The other thing that you'll see is just simply called "margin". The margin category is going to have a quantity value - the quantity value will either be positive or negative and it'll have a denominator. So if you look in your Kraken ledger and it says "margin", "2", "BTC", that means that you took out a margin position, you won your bet, and your winnings from that are 2 BTC.
If you want to be successful at margin trading crypto, Jon says four factors come into play [21:50]
Jon: If you're going to trade on margin, and your approach is just to throw money at it and hopefully something sticks, you're going to lose your money. But there's another approach. And the other approach is to take it like a poker player. Now a poker player needs four things in play, and all of them need to work to win.
The first thing you need is a strategy. And the strategy has to actually be good. If your strategy isn't going to work, it doesn't matter. You're going to lose money.
The second thing you need in order to win on margin, when you're approaching it like a poker player, is discipline. Anybody can write down a strategy and believe it, but when things start getting difficult, a lot of people second guess themselves. You have to have your strategy and it has to be the one you work all the way through your trade. When your trade doesn't work, use the feedback and reorient your strategy. Don't go reorienting your strategy mid-trade. That's like trying to reorient your golf swing in the middle of the swing - it's not the right time for that.
The third aspect that you need is patience. If you don't have any patience, you should not be trading on margin. And that's because if you don't have patience, you're going to go doubling down on your bet while it's still alive. Not a good idea, right? You need to have a long-term strategy approach, approach it with discipline, and also let the strategy work in real time and be patient about it.
The last thing that you need is liquidity, which is to say you need cash to backup your gain. The example from poker would be if you're a good poker player, you have your proper strategy, you're a disciplined, cool headed poker player and you have patience, - but you also need the chips to ride out a bad poker player's lucky streak. Any bad poker player can hit a pot once or twice - it's going to happen. If you are a good poker player and you don't have the chips to ride that out, it doesn't matter that you're right in the long-term…you're not going to be able to ride it out in the short-term.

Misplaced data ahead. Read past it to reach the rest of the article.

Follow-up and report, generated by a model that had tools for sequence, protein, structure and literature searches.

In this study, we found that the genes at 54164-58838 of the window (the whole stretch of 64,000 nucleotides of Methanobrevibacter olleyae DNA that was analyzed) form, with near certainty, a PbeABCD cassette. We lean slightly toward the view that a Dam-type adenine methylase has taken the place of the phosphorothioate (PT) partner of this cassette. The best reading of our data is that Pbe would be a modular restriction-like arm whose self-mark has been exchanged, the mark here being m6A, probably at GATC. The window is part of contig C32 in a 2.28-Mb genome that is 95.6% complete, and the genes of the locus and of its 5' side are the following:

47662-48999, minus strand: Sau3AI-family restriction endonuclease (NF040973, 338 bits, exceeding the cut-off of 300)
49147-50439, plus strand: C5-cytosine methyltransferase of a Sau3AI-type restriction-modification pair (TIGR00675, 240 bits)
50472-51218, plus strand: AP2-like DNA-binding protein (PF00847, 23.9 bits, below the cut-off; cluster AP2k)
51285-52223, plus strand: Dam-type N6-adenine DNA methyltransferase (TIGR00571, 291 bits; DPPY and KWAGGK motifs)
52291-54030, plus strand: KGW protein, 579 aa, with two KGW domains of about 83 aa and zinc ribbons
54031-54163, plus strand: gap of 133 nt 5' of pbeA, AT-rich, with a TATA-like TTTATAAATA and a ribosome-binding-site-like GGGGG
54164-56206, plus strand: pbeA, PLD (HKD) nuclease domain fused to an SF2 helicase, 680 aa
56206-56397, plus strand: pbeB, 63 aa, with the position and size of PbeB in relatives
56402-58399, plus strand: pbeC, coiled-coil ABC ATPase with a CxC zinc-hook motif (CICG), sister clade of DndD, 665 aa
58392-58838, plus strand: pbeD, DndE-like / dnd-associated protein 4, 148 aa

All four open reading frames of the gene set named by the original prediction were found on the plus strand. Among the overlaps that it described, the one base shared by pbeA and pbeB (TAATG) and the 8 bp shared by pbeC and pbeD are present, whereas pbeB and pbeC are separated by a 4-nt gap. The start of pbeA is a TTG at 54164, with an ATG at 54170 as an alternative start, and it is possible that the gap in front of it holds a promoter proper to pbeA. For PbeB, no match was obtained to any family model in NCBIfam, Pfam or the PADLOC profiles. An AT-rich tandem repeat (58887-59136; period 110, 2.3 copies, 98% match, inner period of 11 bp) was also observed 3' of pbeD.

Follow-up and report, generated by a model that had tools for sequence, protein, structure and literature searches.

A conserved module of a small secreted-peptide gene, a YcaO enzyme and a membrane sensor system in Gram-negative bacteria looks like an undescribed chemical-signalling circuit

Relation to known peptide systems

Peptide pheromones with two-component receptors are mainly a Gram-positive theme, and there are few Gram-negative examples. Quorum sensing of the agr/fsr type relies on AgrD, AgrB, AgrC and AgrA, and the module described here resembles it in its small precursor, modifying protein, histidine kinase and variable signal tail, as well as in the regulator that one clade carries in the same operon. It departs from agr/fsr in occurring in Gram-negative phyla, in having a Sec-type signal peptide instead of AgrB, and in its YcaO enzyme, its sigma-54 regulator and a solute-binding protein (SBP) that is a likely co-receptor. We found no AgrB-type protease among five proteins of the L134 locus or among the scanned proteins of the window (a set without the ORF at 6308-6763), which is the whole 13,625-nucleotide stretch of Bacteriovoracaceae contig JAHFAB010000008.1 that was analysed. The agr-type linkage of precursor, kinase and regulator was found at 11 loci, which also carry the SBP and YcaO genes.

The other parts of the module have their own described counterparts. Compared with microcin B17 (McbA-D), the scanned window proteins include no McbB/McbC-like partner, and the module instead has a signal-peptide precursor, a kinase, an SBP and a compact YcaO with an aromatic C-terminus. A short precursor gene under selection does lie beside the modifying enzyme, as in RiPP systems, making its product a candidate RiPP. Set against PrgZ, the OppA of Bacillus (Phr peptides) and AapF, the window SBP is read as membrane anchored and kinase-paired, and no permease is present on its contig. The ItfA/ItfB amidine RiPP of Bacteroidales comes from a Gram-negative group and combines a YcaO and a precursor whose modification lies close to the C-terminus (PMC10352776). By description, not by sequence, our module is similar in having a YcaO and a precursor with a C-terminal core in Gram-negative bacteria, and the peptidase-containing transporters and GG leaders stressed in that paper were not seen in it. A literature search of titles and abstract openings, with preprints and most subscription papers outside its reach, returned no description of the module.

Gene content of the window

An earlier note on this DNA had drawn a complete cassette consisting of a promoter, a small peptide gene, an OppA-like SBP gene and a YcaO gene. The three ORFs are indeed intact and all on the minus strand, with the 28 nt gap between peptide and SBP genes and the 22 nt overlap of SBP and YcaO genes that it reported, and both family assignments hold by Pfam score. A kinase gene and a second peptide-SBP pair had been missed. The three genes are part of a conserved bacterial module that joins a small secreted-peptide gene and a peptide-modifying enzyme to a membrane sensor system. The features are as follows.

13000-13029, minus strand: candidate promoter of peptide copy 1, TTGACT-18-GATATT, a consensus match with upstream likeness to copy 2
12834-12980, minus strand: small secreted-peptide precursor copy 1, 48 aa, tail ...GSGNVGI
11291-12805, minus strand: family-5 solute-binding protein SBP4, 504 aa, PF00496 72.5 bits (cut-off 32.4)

Jon deals with a lot of high-volume traders in his work - I asked if high volume trading has any different implications, tax or otherwise, than regular trading. [30:09]
Jon: In a purely taxable transactions respect - if you trade a million times or you trade once, it's the same principles in play.
Somebody who's trading high volume - I would say that their risk of audit is higher in virtue of the volume. It's fine to trade in that volume. You just have to have your ducks in a row.
For high-volume traders, having all of your data is especially crucial. [33:56]
Jon: I'll tell you the hardest part of my job as a cryptocurrency accountant is dealing with missing records. There's times where there's just no records, but we know something must've happened. Working through that gap is incredibly difficult because we essentially have to perform an analytical posting of implied trades.
Jon utilizes his expertise with our previous guest, Alex Kugelman. If you want to reach out to Jon, the best way to do so is to get in touch with Alex. [38:14]
Jon: I work for Alex Kugelman. In the case that you want to talk to me, you've got to call or email Alex at . He's also on Bitcoin.Tax if I'm not mistaken. Reach out to Alex, set it up through Alex, and he'll put it together. The benefit of that is then the attorney-client privilege extends to me, through Alex.
If you enjoyed our podcast, be sure to check back frequently for more great discussions about a range of topics in the crypto space. If you have any questions for Jon Stead or Alex Kugelman, or want to schedule a consultation with them, they can be reached via Alex's website kugelmanlaw.com, or via email at .